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December 15, 2015

Making More Christmas Tree Ornaments

I just finished making my second group of Christmas Tree Ornaments, these were for adults in our family and a few friends.  During the summer I stamped many pieces of hand dyed fabric with a wood stamp, my first experience with a stamp of that kind. I used Jacquard Lumiere Textile paints, a sponge, and a stamping pad to get clear images.  The irregularities in the paint are actually gold flcecks!

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I didn't think about the design for an ornament until last week, but I knew I wanted it to be even more sparkly.  The tree was stitched to a dark green fabric with small gold metallic stars, right sides together, and then turned.   I had several spools of YLI Kaleidoscope green metallic thread in my stash, and decided to stitch around the branches.  This was the only tedious part of the process, but I actually liked the challenge!  This picture hopefully shows the metallic thread stitches.

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Here are the final ornaments, and one already hanging on our tree.    

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Now that the 2015 ornaments are finished, I need to set up my Santa Workshop for gifts for our grandchildren.  A few of them outgrew their minky blankets from several years ago, so now they requested BIG ones.   No one in my family starts to think about Christmas until December - or maybe I wouldn't be sewing so much now!

     

December 1, 2015

A Pathway From One Creative Idea to Another

Fabio Consoli, one of the faculty from the Sketchbook Skoolhouse Stretching online class, wanted us to explore "child's play," combining a child's drawing with ours.  My grandson Zach made the figure on the right and I completed the picture with figures from my own imagination.  Here is the original blog post about this homework assignment.

http://www.paperandthreads.com/2015/05/sketchbook_skool_homework_for.php 

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I was doing a 100 day challenge at the same time - drawing from my imagination - and eventually Axel (the figure on the left) was featured in many of my drawings, and he even acquired a girl friend.  I asked Zach to help me create a back story and he said that Axel and Alice were from the moon and their head shapes were determined by the phase of the moon at their birth.  They were playing in Axel's Mother's space ship and accidently started it.  They are very confused by Earth.

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I sketched Axel and Alice many times over the next months, eventually leading me to "draw" Axel on Fabric. 

During July I spent part of every day dying fabric and one of my projects was to create Axel and Alice on fabric by drawing and painting the fabric with Procion MX dyes. 

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I make many Christmas ornaments for family and friends, an annual project since my own 3 children were born more than 40 years ago.  Now I'm making Axel ornaments for our 8 grandchildren + one for our tree.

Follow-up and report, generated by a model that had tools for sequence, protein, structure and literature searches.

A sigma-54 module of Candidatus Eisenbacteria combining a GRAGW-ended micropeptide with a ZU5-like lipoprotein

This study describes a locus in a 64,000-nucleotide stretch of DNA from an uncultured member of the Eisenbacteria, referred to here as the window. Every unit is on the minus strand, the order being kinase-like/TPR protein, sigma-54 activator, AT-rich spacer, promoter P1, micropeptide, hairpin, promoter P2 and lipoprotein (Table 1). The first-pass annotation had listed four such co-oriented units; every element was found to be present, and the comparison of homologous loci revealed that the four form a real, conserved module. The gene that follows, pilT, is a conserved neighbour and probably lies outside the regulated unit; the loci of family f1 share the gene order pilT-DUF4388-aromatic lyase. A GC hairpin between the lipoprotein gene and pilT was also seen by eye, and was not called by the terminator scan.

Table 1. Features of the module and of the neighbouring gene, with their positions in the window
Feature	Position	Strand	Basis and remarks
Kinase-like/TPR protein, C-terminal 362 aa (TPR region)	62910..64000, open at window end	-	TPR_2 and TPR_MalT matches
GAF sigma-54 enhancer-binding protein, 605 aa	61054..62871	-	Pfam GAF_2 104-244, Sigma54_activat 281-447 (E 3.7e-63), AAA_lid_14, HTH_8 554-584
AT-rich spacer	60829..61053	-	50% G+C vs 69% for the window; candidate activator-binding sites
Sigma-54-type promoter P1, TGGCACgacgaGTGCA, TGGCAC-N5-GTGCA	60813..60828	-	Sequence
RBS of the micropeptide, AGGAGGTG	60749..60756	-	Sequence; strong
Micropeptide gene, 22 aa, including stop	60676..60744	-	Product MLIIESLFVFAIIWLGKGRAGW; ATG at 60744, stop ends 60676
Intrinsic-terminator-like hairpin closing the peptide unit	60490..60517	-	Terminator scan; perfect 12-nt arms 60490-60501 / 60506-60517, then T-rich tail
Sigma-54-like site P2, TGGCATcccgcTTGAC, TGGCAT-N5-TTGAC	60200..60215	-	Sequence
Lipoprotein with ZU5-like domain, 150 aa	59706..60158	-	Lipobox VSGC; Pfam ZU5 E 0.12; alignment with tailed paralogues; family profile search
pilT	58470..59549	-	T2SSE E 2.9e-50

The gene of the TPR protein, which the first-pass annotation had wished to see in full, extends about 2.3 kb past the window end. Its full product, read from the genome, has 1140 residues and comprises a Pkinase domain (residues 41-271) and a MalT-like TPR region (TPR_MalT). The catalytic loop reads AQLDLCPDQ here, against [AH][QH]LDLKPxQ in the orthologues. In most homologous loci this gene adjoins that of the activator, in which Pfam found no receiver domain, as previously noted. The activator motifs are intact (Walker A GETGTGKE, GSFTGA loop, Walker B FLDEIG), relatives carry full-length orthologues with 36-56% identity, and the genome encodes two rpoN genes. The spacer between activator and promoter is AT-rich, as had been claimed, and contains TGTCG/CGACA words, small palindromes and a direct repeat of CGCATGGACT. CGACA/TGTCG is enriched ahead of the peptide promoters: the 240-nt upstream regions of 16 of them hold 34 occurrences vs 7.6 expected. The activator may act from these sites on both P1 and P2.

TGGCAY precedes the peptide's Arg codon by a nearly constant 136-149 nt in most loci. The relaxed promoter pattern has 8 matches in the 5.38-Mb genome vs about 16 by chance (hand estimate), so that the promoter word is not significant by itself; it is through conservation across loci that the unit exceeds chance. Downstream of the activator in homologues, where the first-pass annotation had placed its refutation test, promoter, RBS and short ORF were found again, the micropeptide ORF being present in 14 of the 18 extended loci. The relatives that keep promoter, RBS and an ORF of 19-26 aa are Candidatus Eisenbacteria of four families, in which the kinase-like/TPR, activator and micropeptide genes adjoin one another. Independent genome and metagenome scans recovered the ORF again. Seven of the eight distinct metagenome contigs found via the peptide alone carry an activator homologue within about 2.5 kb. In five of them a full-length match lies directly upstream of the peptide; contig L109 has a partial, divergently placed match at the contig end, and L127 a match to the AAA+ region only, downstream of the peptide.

I scanned the dye painting of Axel and resized him (6 inches long) in Photoshop.  The JPEG was transferred to a piece of fabric on a plastic support (EQ Printed Treasure Premium Cotton Satin) and 9 copies were made using an Epson Artisan 50 Photo Ink Jet Printer.

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Each Axel was then sewn to a backing and lightly stuffed to hang on our family Christmas trees.  Here is a finished ornament. 

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And here are all 9 that I made - for 8 grandchildren + our tree. 

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November 3, 2015

International Quilt Festival - 2015

I just returned from my annual trip to the International Quilt Festival in Houston Texas.  In high school I became a seamstress, then in 1980, while living in Texas, I learned how to make quilts.  By 1990 I was starting to dye and design fabric and loved mixing dyes and painting them on silk.  Watercolor painting became a natural extension after I retired.  But I only acquire new interests and don't easily give up the old ones.  This was my 30th annual visit to Quilt Festival where I look at 100s of quilts, take classes, and replenish supplies.

The Houston Convention Center is huge - think multiple football fields, and is now undergoing more building and renovation.  All 3 floors are devoted to this event and the last attendance record I heard, which was several years ago, was 55,000 attendees.

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I painted once each full day I was there, and here are my sketchbook pages.  Jane Dunnewold's class was about working in a series, and we had many exercises to do during our 3 hours of discussion.  In one of the final exercises we had to quickly write down lists of words that we associated with colors.  Of greatest interest were the half of the class that hate purple and had lots of bad associations with it.